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Wine SpectatorWine Spectator

Wine Spectator June 30, 2016

Wine Spectator rates over 15,000 wines per year, in every price range, to fit every occasion. Read about the world's great wineries and winemakers and visit restaurants with outstanding wine lists. Plus, each issue features delicious recipes and pairs them with the perfect wines.

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15 Issues


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Visit www.winespectator.com/063016 to find links to all of the following resources.Spring entertaining, onlineFree resources for all our WineSpectator.com readers:WINE SPECTATOR’S 10TH ANNUAL VIDEO CONTESTShare your wine story and win great prizes! Submit your shorts to Wine Spectator’s annual Video Contest and you could attend our spectacular Wine Experience weekend or a Grand Tour tasting. Entry deadline is Monday, Sept. 5. Check out the rules and previous years’ finalists online at www.winespectator.com/videocontest2016.OUTDOOR ENTERTAINING It’s time to take your party to the backyard, beach or park, and some of the country’s best chefs are here to help. We’ll share their cooking tips and delicious make-at-home summer recipes while our editors pick out some great-value wine matches for your meal.WINE SPECTATOR VIDEO Watch all our great wine tips, winemaker interviews and tastings on…

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bordeaux reborn

(DAVID YELLEN)In many ways, it seems that Bordeaux never changes. Its vineyards have flourished for centuries; the 1855 Classification, the historic ranking of the region’s top châteaus, remains firmly in place.In important ways, however, Bordeaux is always changing. Driven by pride and competition, fueled by the deep pockets of wealthy owners, the châteaus are constantly seeking any advantage, through improvements in the vineyards and investments in the wineries.The new millennium has been tough on Bordeaux: A number of poor vintages, a global economic crash, and issues with counterfeiting have all shaken its wine industry. But despite these obstacles, the region continues to move forward, and its progress is on full display with the very promising 2015 vintage.Our cover story this issue looks at this new Bordeaux. Senior editor James Molesworth,…

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screw it up

What were the primary wine closure trends in California in 2015? Readers respond as James Laube examines a record-low number of cork-tainted bottles in blind tastings in Wine Spectator ’s Napa office (“2015 Closure Trends From California,” online, Feb. 3).natural cork (BILL MILNE)synthetic corkscrewcapI suspect much of the decline also has to do with the widespread use of Diam cork and Nomacorc closures ... both of which, in my experience, are virtually TCA-free. Having trialed closures over a variety of bottlings over the years, I am confident saying no one closure suits all wines. The winemaker needs to take many factors into account when bottling under a particular closure. We have found vast differences between closures when used on the same bottling run. Unfortunately it’s an imperfect science, more gut…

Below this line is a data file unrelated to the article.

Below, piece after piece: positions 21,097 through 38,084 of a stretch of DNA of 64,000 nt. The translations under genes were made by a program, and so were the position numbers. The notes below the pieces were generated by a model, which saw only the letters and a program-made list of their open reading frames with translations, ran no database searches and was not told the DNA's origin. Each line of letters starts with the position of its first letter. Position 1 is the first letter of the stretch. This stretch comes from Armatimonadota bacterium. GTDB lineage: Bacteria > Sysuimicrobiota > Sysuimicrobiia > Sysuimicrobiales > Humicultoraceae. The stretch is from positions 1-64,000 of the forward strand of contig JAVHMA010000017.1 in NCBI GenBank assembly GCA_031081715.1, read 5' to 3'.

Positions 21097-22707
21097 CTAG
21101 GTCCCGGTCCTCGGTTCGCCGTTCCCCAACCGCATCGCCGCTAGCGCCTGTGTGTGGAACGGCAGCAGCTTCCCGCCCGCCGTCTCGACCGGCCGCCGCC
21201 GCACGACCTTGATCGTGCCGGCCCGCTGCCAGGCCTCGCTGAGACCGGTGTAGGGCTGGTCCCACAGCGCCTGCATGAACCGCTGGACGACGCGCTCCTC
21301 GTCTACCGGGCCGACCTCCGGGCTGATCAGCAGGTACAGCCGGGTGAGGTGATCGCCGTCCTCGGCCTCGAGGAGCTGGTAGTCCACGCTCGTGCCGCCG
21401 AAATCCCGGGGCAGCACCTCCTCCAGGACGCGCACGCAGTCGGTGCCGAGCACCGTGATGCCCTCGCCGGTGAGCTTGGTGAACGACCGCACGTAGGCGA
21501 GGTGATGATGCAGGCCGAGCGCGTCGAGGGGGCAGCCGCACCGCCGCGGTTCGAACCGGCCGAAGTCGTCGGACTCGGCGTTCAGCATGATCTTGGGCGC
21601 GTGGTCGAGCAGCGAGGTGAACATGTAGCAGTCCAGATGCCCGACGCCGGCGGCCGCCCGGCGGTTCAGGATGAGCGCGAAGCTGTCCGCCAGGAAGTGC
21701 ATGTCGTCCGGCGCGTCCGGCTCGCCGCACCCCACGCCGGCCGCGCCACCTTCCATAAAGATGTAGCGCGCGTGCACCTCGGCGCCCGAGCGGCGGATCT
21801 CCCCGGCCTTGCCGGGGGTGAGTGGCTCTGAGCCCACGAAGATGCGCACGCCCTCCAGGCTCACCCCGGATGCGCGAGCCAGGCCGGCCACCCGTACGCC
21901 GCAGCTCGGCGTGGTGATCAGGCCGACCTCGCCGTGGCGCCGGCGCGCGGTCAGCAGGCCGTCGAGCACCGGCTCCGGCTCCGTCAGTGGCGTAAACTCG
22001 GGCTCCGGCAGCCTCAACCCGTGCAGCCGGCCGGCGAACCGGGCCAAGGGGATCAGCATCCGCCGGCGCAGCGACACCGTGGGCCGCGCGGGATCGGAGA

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constellation buys the prisoner wine co.

Bill Newlands, president of Constellation’s wine and spirits divisionConstellation Brands, one of the world’s largest wine companies, is investing big in California red blends, buying the brands of The Prisoner Wine Company from Huneeus Vintners in April. The sale, priced at approximately $285 million, includes just the brands: superstar blend The Prisoner, as well as Saldo, Cuttings, Blindfold and Thorn.“More than ever, consumers are seeking high quality, distinctive wines, and the portfolio we are acquiring from The Prisoner Wine Company delivers,” said Bill Newlands, president of Constellation’s wine and spirits division. “Our goal is to be a leader in the U.S. wine market and to continue to premiumize our portfolio. We continually look for opportunities to strengthen our position within this portion of the industry.”Launched by Orin Swift founder Dave…

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in memoriam

Louis LatourBurgundy TrailblazerLouis Latour, who ran Burgundy wine company Maison Louis Latour from 1958 to 1998, died April 5 of heart failure. He was 83.“He had a good life,” said his son Louis-Fabrice, current president of the business. “He was one of the grands Monsieurs of Burgundy. We are what we are today because of him.”Latour took the helm of the family company during challenging times. Maison Latour had lost significant markets for its wines during a period of two world wars, American Prohibition, the Great Depression and issues over family succession.Undaunted, he rebuilt the business by being nimble. In the early years, he focused on the domaine and its 185 acres. When some family members left the firm a decade later and took roughly onethird of the vineyards with…

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veni, vidi … vino!

For four days every spring, Verona becomes the center of the wine world. Vinitaly, one of the principal global wine fairs, takes over this beautiful, ancient city on the Adige River and turns it into a nonstop spectacle, a trade show and business conference that morphs into a very large, very Italian party.This year, Vinitaly, celebrating its 50th edition, drew 130,000 wine professionals (equivalent to half the city’s population) from 140 countries to the fairgrounds, according to event organizers. The ambience carried over to the historic town center, where piazzas filled for public tastings, ornate palazzos hosted elegant wine soirees, packed restaurants served prized bottles, and wine-bar crowds spilled onto the cobblestone streets. OperaWine, produced by Wine Spectator in partnership with Vinitaly, drew 1,600 invited guests for its fifth anniversary…